About This Course
See Fees and Costs for full details.
See Requirements for full details.
How did the universe evolve? What are the basic building blocks of matter? These are the fundamental questions concerning physics, which is central to current and future science and technology.
Physics is used to tackle problems as diverse as the development of new energy sources, safer medical diagnostics, high-temperature superconductors and ever smaller and faster devices for electronics and telecommunications.
As a physics student, you will embark on a dynamic and exciting course of study that combines intellectual fascination with practical application to a wide range of human endeavours, including biological sciences, engineering, earth sciences, philosophy and medicine.
The attributes needed by a good physicist include spatial and conceptual vision, mathematical fluency, curiosity, imagination and capacity for hard work.
Admission to the BSc Physics course is via the Physics and Astrophysics (CK408) entry stream. The Year 1 curriculum provides a broad foundation in physics and mathematical subjects, allowing students to pursue several possible degree courses.
Refer to CK408 for more details.
Year 1 modules
Option 1 Single Honours
- PY1052 & PY1053 Introductory Physics I & II (10 credits each)
- MA1011 Mathematical Methods I (5 credits)
- MA1012 Mathematical Methods II (5 credits)
- AM1020 Mathematical Modelling (5 credits)
- AM1021 Mechanics I (5 credits)
- ST1051 Introduction to Probability and Statistics (5 credits)
Electives for Option 1 to the value of 15 credits from the following:
- AM1053 Introduction to Mathematical Modelling (5 credits)
- AM1054 Mathematical Software (5 credits)
- CM1006 Introduction to Chemistry for Physicists and Mathematicians (10 credits)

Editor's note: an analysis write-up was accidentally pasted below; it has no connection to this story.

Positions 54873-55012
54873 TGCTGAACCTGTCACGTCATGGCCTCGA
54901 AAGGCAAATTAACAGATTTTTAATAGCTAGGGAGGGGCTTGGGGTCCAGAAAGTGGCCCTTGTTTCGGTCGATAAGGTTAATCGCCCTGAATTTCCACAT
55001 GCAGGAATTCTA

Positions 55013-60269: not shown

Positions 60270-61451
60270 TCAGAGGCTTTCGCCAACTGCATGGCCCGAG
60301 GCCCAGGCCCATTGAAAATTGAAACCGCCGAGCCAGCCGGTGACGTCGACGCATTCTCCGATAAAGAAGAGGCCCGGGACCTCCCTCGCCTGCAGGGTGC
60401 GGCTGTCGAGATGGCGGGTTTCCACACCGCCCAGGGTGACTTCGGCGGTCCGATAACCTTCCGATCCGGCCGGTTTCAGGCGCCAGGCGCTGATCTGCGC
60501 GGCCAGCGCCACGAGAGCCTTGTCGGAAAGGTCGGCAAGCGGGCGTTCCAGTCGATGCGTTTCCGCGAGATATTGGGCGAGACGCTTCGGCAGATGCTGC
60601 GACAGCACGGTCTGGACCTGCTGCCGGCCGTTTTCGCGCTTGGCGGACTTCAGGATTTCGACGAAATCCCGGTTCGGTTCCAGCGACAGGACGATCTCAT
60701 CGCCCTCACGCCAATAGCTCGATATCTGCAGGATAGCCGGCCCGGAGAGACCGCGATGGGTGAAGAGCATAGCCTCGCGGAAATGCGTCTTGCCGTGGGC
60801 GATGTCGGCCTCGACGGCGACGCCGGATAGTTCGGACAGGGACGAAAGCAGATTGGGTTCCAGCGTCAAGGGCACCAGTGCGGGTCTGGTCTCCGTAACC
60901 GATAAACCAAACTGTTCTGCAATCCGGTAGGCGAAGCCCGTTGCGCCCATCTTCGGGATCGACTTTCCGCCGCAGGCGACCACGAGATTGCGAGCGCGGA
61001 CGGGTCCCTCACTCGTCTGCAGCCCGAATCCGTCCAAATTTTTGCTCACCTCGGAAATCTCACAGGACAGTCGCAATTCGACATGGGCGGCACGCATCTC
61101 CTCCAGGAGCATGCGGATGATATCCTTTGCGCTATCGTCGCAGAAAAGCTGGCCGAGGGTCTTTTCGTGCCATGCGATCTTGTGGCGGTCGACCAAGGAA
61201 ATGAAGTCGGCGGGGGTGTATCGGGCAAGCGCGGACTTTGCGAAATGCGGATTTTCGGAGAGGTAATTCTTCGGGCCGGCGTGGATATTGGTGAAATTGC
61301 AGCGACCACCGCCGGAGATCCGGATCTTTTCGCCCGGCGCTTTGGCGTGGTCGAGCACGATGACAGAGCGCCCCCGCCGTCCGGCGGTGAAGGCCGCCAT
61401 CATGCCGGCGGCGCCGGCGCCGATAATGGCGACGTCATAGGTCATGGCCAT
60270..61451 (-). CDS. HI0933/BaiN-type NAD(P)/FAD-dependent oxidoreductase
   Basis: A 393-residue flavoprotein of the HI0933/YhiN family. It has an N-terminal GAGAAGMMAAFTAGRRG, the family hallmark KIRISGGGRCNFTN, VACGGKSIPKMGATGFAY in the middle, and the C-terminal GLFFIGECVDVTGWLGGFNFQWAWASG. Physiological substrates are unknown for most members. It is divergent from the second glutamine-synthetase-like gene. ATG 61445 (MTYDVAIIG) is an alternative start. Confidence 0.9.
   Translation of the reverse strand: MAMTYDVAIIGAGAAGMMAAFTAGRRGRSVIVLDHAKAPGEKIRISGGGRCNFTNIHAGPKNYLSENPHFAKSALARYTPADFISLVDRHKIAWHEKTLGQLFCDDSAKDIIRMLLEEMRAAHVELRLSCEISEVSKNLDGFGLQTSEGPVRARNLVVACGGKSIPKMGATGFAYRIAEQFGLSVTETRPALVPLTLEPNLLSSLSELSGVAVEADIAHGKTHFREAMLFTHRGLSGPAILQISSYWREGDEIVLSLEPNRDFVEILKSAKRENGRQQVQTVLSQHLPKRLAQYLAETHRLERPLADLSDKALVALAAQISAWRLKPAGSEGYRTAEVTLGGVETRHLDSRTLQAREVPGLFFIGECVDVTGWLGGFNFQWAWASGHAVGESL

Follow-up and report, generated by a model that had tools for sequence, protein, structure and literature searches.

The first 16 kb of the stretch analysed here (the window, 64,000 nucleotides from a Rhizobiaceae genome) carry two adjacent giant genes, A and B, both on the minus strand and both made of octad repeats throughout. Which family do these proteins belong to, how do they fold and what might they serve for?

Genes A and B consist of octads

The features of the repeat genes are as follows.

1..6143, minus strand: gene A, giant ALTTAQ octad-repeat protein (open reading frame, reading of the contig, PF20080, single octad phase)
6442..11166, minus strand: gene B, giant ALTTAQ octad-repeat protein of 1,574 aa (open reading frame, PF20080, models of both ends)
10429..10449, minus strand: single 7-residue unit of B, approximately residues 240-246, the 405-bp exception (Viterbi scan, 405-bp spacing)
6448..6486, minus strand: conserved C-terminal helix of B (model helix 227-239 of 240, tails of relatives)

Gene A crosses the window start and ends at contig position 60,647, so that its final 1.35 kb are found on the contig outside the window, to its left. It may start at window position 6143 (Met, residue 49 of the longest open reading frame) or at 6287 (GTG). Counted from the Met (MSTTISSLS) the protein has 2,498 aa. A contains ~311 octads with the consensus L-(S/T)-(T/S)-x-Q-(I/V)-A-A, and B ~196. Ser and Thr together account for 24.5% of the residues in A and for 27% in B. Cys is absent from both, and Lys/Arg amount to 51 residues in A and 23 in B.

- CM1007 Introduction to Chemistry for Physicists (15 credits)
- CS1061 Programming in C (5 credits)
- CS1065 Computer Applications with Visual Basic (5 credits)
- CS1068 Introductory Programming in Python (5 credits)
- MA1057 Introduction to Abstract Algebra (5 credits)
- PY1054 Special Topics in Physics (5 credits)
- ST1051 Introduction to Probability and Statistics (5 credits).
- BL1002 Cells, Biomolecules, Genetics and Evolution
- BL1004 Physiology and Structure of Plants and Animals
- BL1006 Habitats and Ecosystems
Years 2 modules
Astrphysics and Special Relativity; C/C++ Programming with Applications; Classical Mechanics; Computational Physics; Electrostatistics and Magnetostatics; Experimental Physics; Experimental Methods; Fourier Methods; Multivariable Calculus; Quantum Physics; Thermodynamics and Statistical Physics.
Ordinary Differential Equations; Linear Algebra; Mathematical Modelling.
Year 3 modules
Computer Modelling and Numerical Techniques; Condensed Matter Physics; Electromagnetism; Experimental Physics; Experimental Methods II; Nuclear and Particle Physics; Optics; Quantum Mechanics; Statistical Thermodynamics; Vector and Tensor Methods.
Mathematical Experimentation & Chaos; Fluid Mechanics; Optimisation and the Calculus of Variations; Computational Techniques; Observational Astrophysics.
Year 4 modules
Research Project; Experimental Physics.
Observational Astrophysics; Advanced Mechanics; Advanced Quantum Mechanics; Advanced Electromagnetism; Advanced Condensed Matter Physics; Atomic and Molecular Physics; Quantum Field Theory; Plasma Physics; Lasers and Photonics; Advanced Computational Physics; Stars and the Intersellar Medium; Galactic and Extragalactic; Experimental Physics; Physics and Semiconductor Devices.
Expected lecture hours
You will attend 15-20 lectures and tutorials per week. These are typically held in the mornings.